"My Name Is Lizzie Bennet": Successfully Adapting Jane Austen's 'Pride and Prejudice' (1813) for the Twenty-First Century with 'The Lizzie Bennet Diaries' (2012-2013)
MetadataShow full item record
This thesis argues that The Lizzie Bennet Diaries (or the LBD), the 2012 transmedia YouTube webseries adaptation of Pride and Prejudice, is a successful adaptation of Jane Austen’s novel because – like its source text – it is all about communication. Told primarily in a video-diary format, the LBD is a transmedia narrative that spans across various traditional, digital, and social media platforms. All of the characters within the narrative interact with one another via video blogs, texts, tweets, and even handwritten letters while simultaneously inviting viewers to participate and immerse themselves in the story by responding to the characters’ online activity. The form, content, and audience engagement of this particular adaptation thus hinges on various forms of communication to tell Austen’s story of marriage, manners, and misunderstandings. The LBD therefore not only succeeds as an adaptation, but specifically as one of the definitive adaptations of Pride and Prejudice due to its ability to respectfully yet innovatively translate its source text into the twenty-first century in a way that keeps Austen’s emphasis on communication central to how, why, and with whom the story is retold. Thus, as a successful adaptation, The Lizzie Bennet Diaries is a successful act of communication, which gives a fresh voice to Jane Austen’s two-hundred-year-old novel, hence reaffirming its significance to a new generation of audience and preventing it from lapsing into silence.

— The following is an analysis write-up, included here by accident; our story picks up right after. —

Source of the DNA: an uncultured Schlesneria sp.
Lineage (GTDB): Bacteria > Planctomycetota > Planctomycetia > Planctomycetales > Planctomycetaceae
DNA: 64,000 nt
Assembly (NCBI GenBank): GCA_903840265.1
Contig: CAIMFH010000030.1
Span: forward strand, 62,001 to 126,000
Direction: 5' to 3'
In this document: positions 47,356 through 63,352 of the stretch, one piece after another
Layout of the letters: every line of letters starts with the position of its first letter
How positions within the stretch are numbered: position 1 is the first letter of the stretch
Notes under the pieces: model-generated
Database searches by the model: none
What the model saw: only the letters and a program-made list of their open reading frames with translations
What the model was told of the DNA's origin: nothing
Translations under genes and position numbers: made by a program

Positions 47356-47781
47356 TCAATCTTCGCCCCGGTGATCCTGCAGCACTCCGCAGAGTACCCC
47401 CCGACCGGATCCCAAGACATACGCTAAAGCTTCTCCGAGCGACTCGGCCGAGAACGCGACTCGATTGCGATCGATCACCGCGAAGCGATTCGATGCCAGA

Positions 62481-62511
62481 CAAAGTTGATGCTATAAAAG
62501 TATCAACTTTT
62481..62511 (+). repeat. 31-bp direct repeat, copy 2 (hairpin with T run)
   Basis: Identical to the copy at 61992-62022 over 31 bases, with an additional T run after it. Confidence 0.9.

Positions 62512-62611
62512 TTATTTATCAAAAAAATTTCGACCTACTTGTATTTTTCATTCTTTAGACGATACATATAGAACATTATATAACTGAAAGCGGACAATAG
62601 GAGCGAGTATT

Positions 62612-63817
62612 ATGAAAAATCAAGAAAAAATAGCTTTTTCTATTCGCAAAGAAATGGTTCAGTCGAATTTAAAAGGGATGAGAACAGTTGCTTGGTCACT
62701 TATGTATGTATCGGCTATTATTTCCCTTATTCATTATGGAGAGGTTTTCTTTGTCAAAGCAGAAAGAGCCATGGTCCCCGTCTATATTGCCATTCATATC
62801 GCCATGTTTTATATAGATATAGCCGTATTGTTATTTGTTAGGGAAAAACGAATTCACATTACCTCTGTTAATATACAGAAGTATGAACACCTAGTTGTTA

Cite this version of the work
Alexandra Fournier (2016). "My Name Is Lizzie Bennet": Successfully Adapting Jane Austen's 'Pride and Prejudice' (1813) for the Twenty-First Century with 'The Lizzie Bennet Diaries' (2012-2013). UWSpace. http://hdl.handle.net/10012/10440